And so, increasingly, the way people get paid is becoming intermingled with HR, even though it came out of more of a financial area. And so I think you just see all of this stuff just converging. And the thing, the one thing that it all has in common is people. And the people who are supposed to be the most important to the people are the HR people.

Laurie Ruettimann:

Well, and it reminds me of, well, my example for this would’ve been like Slack, right? That went through rogue adoption, popped up in organizations and suddenly everybody’s using it. HR gets wind of it and they try to put a workflow around it, to your point, right? And now everybody hates Slack. And I think there’s this danger that when HR gets — this entity, this function, this nameless, faceless monster, right — gets their hands on something, they often ruin it or they descale the beauty of it. And that’s part of the risk of our industry. But I think you fight against that all day long.

Bret Starr:

Well, and yeah, and look, I think it all comes back to the same issue. And we exchanged a few emails about this, but it’s about the reverse mullet. And the question is, what is the role of HR, and how is the role of HR defined by whether someone has a traditional mullet or reverse mullet? And so that’s a funny way of saying something very serious, which is in a business ecosystem, I think there’s four things that matter. There’s probably a lot more things that matter, but just for the sake of argument, let’s say there’s four things.

There’s the employee experience, there’s the customer experience, there’s the shareholder experience, and then there’s just social good. I’ve recently been talking a lot more about the relationship between social good and those three experiences, because you can have a company that’s having a great employee experience, creating a great customer experience, creating a great shareholder experience, but they’re destroying the fucking planet, and that’s not OK.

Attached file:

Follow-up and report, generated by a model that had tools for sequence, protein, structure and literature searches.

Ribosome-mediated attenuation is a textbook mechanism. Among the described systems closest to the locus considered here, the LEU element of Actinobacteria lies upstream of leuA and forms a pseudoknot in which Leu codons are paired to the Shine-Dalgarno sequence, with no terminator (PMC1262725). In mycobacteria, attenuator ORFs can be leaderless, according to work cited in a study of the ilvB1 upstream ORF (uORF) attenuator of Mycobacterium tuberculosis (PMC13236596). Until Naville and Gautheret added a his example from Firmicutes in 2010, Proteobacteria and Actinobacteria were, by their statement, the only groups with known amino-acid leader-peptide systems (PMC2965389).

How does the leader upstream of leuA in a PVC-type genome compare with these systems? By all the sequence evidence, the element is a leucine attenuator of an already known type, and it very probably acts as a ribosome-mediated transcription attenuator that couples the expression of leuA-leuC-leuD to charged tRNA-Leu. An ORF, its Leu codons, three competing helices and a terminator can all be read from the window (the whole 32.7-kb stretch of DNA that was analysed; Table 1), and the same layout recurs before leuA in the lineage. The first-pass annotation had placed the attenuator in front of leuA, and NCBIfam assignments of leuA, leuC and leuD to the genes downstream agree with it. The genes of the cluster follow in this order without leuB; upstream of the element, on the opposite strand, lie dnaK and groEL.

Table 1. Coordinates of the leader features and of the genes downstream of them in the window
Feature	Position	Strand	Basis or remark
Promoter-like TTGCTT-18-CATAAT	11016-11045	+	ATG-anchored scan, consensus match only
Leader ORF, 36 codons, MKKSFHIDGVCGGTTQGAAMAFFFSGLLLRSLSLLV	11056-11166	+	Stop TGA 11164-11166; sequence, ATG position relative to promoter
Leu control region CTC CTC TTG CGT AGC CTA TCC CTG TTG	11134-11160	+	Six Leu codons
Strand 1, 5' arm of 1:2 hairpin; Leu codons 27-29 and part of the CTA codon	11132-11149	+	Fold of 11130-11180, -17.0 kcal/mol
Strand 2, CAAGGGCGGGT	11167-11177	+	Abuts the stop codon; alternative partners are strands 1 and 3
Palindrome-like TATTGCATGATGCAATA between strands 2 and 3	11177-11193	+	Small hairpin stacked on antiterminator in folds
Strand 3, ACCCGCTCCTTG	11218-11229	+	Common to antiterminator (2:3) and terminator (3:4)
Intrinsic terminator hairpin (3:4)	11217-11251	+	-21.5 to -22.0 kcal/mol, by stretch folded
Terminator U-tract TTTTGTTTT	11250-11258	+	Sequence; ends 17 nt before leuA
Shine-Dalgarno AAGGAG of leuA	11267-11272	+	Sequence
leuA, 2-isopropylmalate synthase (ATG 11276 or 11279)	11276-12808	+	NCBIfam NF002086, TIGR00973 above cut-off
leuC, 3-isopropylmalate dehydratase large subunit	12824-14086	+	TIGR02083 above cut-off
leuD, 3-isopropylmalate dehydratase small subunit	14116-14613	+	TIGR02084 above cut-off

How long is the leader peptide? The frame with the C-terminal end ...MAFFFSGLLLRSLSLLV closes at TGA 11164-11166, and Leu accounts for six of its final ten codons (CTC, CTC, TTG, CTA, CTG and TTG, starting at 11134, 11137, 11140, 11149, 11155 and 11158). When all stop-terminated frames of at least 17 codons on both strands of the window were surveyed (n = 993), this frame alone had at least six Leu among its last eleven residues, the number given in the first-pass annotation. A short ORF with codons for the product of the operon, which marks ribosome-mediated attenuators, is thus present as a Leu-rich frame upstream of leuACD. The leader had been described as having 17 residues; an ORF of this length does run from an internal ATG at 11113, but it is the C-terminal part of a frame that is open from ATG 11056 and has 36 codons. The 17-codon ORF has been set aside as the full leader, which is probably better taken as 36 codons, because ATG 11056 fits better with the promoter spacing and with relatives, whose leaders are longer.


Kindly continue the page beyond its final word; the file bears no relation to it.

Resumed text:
Laurie Ruettimann:

No. And it’s so common. Absolutely. Well, and so the four being intermingled for you, do you rank them?

Bret Starr:

Yeah, absolutely. And I think that’s the point. So if you are an organization where you are running a traditional mullet, which is business in the front, party in the back, 99% of all companies are going to put shareholder experience first. They’re going to put customer experience second, they’re going to put employee experience third — and most would say last, except the conversation about social good isn’t even happening. And so do you ever watch that show or have you watched that show “Dopesick”?

Laurie Ruettimann:

Yeah. It’s scary and petrifying, and Michael Keaton is amazing. We’re going to put that in the show notes because everybody should watch it.

Bret Starr:

Yeah, it’s so great. But to me, it’s the perfect example of basically when it’s all about shareholder value. Everyone else gets squeezed, and in this case, murdered, dead.

Laurie Ruettimann:

Straight-up dead. Yeah.

Bret Starr:

Straight-up dead. And a lot of the times, what people don’t understand is that, if these things are not held in balance, if there’s not a single vision that’s shared across all four of those, then it’s going to start a fire somewhere, and that fire will eventually engulf the entire ecosystem of that business. And in this case, the fire started with people dying from the drug. We could say that that’s traditionally a customer experience problem.

Laurie Ruettimann:

We can. Yeah. So this reverse mullet idea is just applicable to so many aspects of our organization, as well as our entire enterprise. It can apply in human resources, it can apply in customer service, but also just the way you approach your individual encounters with shareholders, correct?

Bret Starr:

That’s right. And to put a fine point on the original question, a company that’s running the traditional model to put shareholder experience first, the role of HR is going to become a defense role, where the goal is to implement repeatable processes that benefit the efficiency of the business and are more focused on shareholder experience than they are employee experience. If you’re on the reverse mullet, and you put employee experience first in your belief system is that, if we take care of our people in a real way — not in like a logo way or catchphrase way — but if we really take care of our people, they’ll take care of our customers.